This week the Committee on the Study of Teacher Preparation Programs in the United States released a report urging the U.S. Department of Education and states to collect more data on teachers and their routes to becoming teachers before initiating widespread reform of education schools and alternative route programs.
The report, Preparing Teachers: Building Evidence and Sound Policy, was published by the National Research Council and funded by the Education Department’s Institute for Education Sciences.
The Committee essentially responded with a “none-of-the-above” statement to the congressional charge to collect and analyze data and research on undergraduate and graduate teacher preparation programs, as well as alternative routes to certification; and determine whether teachers of reading, math, and science were well-prepared for their jobs.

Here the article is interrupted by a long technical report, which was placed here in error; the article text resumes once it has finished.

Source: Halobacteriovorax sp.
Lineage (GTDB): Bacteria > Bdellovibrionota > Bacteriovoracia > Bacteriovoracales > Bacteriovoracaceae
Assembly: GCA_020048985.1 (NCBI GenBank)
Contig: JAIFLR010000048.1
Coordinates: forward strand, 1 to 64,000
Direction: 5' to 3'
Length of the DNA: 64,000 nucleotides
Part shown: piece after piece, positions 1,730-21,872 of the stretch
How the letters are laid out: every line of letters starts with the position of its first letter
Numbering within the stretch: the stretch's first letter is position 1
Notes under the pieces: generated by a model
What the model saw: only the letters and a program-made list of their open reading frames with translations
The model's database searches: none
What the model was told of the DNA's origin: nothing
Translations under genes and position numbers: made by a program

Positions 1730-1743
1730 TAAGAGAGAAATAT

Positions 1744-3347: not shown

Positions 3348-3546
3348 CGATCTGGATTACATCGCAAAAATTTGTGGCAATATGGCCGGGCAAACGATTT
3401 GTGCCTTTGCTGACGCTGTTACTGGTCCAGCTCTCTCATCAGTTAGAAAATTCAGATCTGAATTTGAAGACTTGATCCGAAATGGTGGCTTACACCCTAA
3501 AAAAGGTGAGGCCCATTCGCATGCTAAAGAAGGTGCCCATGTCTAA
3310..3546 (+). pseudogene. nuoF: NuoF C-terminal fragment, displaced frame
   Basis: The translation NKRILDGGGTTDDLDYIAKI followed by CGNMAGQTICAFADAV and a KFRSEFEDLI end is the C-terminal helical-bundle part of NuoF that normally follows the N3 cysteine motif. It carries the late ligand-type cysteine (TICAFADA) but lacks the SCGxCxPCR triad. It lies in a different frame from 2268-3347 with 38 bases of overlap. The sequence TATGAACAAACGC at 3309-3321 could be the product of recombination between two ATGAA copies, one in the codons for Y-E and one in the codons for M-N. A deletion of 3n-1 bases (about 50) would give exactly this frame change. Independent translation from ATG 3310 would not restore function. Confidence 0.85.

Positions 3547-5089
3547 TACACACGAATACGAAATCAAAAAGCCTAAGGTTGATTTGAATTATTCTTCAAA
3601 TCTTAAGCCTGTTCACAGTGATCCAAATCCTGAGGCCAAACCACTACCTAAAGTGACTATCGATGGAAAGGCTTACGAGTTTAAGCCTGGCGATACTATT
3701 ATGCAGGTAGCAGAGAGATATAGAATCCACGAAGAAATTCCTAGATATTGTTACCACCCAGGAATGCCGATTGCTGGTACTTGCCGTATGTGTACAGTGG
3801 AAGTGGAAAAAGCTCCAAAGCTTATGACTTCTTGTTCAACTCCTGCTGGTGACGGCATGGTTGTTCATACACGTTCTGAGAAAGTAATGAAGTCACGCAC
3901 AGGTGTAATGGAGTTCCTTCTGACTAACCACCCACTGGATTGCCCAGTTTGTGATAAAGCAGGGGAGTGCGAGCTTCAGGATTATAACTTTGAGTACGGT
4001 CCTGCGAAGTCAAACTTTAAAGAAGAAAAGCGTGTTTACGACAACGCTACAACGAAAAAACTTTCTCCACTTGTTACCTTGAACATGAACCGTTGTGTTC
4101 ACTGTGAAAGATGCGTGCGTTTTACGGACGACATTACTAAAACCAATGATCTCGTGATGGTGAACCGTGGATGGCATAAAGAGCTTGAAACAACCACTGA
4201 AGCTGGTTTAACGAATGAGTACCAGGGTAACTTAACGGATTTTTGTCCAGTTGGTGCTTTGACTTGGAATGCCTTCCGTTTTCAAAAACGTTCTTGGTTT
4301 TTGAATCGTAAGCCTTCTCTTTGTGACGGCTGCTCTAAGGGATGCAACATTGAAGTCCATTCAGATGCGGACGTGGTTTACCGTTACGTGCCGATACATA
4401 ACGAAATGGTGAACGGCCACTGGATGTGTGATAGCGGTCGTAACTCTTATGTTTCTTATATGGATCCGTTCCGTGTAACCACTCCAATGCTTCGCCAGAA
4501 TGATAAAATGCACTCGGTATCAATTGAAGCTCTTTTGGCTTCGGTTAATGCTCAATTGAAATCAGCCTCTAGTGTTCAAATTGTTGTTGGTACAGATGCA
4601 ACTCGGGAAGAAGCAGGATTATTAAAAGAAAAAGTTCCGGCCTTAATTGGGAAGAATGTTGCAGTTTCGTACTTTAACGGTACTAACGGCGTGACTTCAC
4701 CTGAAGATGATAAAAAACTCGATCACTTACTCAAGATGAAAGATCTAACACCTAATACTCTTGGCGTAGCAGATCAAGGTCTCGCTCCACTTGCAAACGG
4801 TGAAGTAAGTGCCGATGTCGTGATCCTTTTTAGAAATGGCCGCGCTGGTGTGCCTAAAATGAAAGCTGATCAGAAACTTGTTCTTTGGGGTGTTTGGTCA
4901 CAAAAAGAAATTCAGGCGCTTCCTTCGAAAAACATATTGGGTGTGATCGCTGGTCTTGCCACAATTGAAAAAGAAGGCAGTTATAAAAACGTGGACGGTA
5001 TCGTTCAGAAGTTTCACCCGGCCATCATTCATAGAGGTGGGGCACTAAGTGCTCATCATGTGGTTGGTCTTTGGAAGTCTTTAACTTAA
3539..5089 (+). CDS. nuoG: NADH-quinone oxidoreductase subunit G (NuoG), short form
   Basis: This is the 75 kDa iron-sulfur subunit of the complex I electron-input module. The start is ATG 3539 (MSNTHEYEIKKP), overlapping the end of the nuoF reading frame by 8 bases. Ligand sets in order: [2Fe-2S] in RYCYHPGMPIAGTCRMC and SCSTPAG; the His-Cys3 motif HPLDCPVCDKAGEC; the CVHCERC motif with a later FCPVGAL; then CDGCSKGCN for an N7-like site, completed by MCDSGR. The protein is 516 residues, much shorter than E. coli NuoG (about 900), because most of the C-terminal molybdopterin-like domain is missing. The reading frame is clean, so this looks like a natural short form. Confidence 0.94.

The Committee concluded that “because of the paucity of systematic research as well as the enormous variation in virtually all aspects of teacher education programs and pathways we cannot draw any specific conclusions about the characteristics of current teacher preparation programs.”
According to Ellen Condliffe Lagemann, the Committee Chair, “at a time that people care a lot about education and want to improve it, there is so little known about teacher preparation at a national level. Strong policy has to be built on strong evidence and we don’t have strong evidence.”
The Committee, in the report, calls for research that would compare programs’ selectivity, timing, and characteristics, as well as various means of teaching classroom management skills and how to teach a wide range of students, to help determine essential components of teacher preparation programs.